• The relationship your office has with the insurer (your contract)
  • The relationship your patient has with the insurer (their contract)
  • The relationship your office has with the patient.

All participants must keep up their end of the agreement:

  • Your office ensures the carrier that you will collect co-pays and deductibles, and the carrier agrees to pay you based on a fee schedule you have agreed upon
  • Your patients agree to pay their financial portion of the care to the provider and the insurance company agrees to pick up the remaining financial responsibility
  • You agree to give quality care to the patients, and they agree to pay you their portion of the financial responsibility. If the patient is getting a discount, the payor may rightfully feel deserving of the same discount.

Establish Financial Hardship Policy

There are circumstances when a patient needs care and truly has a financial hardship causing an inability to pay. In this case, the best way to offer a lower fee is to establish a policy for cases of extreme hardship. Continue to maintain a consistent, policy-based method to obtain financial data from the patient and use these consistent, policy-based standards for determination. When developing a hardship policy, verification of hardship is important documentation that shows due diligence in ensuring financial hardship was warranted for the patient’s care. Be sure all information obtained is retained and documented in the patient health record. Do not make financial hardship cases a routine occurrence, as that in itself can be a problem. Use financial waivers sparingly for only true hardship cases.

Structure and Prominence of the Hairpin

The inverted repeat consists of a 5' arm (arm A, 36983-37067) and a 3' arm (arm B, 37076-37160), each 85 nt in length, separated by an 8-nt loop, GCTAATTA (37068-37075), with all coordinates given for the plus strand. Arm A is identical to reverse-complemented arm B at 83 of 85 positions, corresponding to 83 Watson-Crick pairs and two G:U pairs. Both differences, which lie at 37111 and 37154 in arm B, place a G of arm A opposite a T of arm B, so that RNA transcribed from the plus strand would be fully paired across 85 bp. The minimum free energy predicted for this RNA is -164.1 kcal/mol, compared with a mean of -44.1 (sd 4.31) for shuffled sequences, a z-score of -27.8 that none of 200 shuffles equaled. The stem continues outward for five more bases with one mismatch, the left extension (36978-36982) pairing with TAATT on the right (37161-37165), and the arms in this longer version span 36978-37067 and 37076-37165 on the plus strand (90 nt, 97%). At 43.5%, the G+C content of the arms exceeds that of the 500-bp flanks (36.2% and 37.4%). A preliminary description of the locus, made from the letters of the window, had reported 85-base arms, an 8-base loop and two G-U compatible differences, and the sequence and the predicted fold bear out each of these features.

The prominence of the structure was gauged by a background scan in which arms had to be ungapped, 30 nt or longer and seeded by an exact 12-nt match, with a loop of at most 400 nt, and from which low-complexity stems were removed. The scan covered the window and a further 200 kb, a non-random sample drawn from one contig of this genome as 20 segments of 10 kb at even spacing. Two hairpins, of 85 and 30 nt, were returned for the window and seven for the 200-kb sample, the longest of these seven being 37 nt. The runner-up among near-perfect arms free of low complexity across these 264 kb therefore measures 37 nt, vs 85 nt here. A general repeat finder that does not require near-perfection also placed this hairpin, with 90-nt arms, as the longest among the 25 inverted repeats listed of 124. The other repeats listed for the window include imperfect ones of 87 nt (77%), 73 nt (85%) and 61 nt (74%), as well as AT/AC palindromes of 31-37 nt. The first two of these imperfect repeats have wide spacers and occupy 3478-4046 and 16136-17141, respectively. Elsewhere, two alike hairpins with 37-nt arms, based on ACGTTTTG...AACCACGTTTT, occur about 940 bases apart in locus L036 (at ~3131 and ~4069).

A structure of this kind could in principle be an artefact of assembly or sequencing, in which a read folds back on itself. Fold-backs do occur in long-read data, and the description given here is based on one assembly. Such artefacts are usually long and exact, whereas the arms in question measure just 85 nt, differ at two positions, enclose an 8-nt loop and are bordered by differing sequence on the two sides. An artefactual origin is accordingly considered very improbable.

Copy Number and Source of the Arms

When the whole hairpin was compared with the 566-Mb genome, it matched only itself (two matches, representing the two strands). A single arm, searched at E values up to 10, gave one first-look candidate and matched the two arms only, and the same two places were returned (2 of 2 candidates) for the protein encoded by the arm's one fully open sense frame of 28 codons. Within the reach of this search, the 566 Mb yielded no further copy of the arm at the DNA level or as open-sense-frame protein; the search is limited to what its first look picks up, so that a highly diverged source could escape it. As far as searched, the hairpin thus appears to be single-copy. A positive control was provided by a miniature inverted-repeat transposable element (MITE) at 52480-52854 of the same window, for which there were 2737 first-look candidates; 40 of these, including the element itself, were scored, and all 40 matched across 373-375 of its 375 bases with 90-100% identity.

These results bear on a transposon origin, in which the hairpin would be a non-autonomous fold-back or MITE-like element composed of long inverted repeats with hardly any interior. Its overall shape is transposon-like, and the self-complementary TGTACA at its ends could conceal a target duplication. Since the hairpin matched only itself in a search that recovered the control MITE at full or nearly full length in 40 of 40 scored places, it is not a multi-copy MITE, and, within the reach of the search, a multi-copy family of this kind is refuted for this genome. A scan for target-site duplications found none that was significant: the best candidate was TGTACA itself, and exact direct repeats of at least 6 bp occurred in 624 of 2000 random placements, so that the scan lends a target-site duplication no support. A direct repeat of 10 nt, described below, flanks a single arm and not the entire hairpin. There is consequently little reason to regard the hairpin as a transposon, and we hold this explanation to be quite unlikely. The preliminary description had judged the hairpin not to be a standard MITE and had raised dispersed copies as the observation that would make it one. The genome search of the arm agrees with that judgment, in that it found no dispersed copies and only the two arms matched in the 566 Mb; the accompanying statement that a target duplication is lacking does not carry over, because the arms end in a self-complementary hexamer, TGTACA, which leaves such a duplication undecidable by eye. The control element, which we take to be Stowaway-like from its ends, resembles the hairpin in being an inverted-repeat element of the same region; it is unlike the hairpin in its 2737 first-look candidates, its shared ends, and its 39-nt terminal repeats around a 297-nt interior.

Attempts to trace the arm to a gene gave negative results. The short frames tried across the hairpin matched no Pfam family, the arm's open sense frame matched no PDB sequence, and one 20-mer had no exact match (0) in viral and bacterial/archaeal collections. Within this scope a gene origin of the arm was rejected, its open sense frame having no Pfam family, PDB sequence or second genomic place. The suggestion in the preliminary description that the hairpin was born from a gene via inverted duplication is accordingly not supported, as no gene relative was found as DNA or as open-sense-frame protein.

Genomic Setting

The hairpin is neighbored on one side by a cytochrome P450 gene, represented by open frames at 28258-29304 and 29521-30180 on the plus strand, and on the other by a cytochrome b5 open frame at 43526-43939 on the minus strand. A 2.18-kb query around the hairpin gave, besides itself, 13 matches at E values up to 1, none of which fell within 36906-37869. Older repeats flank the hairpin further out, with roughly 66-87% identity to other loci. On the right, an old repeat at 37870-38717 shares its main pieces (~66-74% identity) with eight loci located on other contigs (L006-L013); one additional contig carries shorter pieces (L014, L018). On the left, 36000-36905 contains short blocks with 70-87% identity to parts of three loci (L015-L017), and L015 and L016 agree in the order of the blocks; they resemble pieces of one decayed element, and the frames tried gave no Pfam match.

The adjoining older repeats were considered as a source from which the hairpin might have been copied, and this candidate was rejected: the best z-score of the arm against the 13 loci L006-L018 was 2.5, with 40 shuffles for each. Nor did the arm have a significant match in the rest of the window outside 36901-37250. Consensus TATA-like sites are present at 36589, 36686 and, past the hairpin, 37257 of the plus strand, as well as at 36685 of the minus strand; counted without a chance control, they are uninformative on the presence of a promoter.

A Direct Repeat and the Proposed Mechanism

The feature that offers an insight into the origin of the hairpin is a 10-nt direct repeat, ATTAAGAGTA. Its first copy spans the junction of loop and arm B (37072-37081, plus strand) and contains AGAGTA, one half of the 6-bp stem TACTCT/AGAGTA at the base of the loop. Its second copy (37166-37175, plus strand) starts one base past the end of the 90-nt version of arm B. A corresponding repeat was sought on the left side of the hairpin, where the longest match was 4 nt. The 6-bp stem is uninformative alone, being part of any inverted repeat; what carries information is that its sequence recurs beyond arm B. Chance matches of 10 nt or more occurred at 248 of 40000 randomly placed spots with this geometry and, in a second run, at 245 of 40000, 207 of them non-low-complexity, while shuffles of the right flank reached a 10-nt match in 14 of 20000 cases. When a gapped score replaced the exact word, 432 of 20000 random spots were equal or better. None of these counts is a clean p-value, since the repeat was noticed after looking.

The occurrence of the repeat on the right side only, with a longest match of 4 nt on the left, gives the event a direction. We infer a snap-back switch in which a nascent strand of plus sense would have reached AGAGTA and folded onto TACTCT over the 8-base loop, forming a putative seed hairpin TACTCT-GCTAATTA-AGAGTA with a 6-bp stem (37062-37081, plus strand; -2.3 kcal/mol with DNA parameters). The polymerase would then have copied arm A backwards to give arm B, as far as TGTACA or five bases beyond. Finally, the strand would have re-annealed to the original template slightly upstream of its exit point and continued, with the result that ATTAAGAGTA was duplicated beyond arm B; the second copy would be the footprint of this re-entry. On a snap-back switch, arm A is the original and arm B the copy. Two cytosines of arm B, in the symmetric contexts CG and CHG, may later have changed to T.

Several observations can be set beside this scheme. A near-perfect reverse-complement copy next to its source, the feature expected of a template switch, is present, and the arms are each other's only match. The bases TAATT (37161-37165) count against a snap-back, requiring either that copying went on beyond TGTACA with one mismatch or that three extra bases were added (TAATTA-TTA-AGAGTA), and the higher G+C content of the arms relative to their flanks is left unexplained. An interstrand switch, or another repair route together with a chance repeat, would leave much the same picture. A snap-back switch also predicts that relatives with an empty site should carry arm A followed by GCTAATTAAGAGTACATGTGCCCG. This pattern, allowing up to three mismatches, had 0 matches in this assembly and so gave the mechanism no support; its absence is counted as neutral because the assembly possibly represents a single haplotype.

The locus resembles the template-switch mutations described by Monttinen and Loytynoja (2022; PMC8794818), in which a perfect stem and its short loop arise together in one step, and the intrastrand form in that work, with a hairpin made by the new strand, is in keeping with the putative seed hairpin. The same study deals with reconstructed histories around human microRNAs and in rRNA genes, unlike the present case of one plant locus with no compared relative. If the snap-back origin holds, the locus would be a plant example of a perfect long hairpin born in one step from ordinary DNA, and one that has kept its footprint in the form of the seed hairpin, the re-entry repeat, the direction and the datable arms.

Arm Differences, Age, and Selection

Worth the Risk?

Ask yourself if the waiver of copayments and deductibles is worth the risk. Understanding that your patients chose their insurance plans and must be held accountable for their financial responsibility will help you to collect what is due for the services you’ve rendered. Keep in mind that any time you give away or write-off services you’ve rendered, you are devaluing these services to the patient. Stay on your game; understand your office policies; and work within these guidelines. Don’t allow non-compliant write-offs to subject the provider, yourself, or the practice to risk. Payment plans, at a minimum, are always a safe alternative to placing your practice at risk. Don’t jeopardize all you’ve worked for by doing the right thing, the wrong way!


Kathy Mills Chang is a Certified Medical Compliance Specialist (MCS-P). Certified Chiropractic Professional Coder (CCPC), and Certified Clinical Chiropractic Assistant (CCCA). Since 1983, she has been providing chiropractors with reimbursement and compliance training, advice, and tools to improve the financial performance of their practices. Kathy leads a team of 30 at KMC University and is known as one of our profession’s foremost experts on Medicare, documentation and CA development. Kathy or any of her team members can be reached at (855) 832-6562 or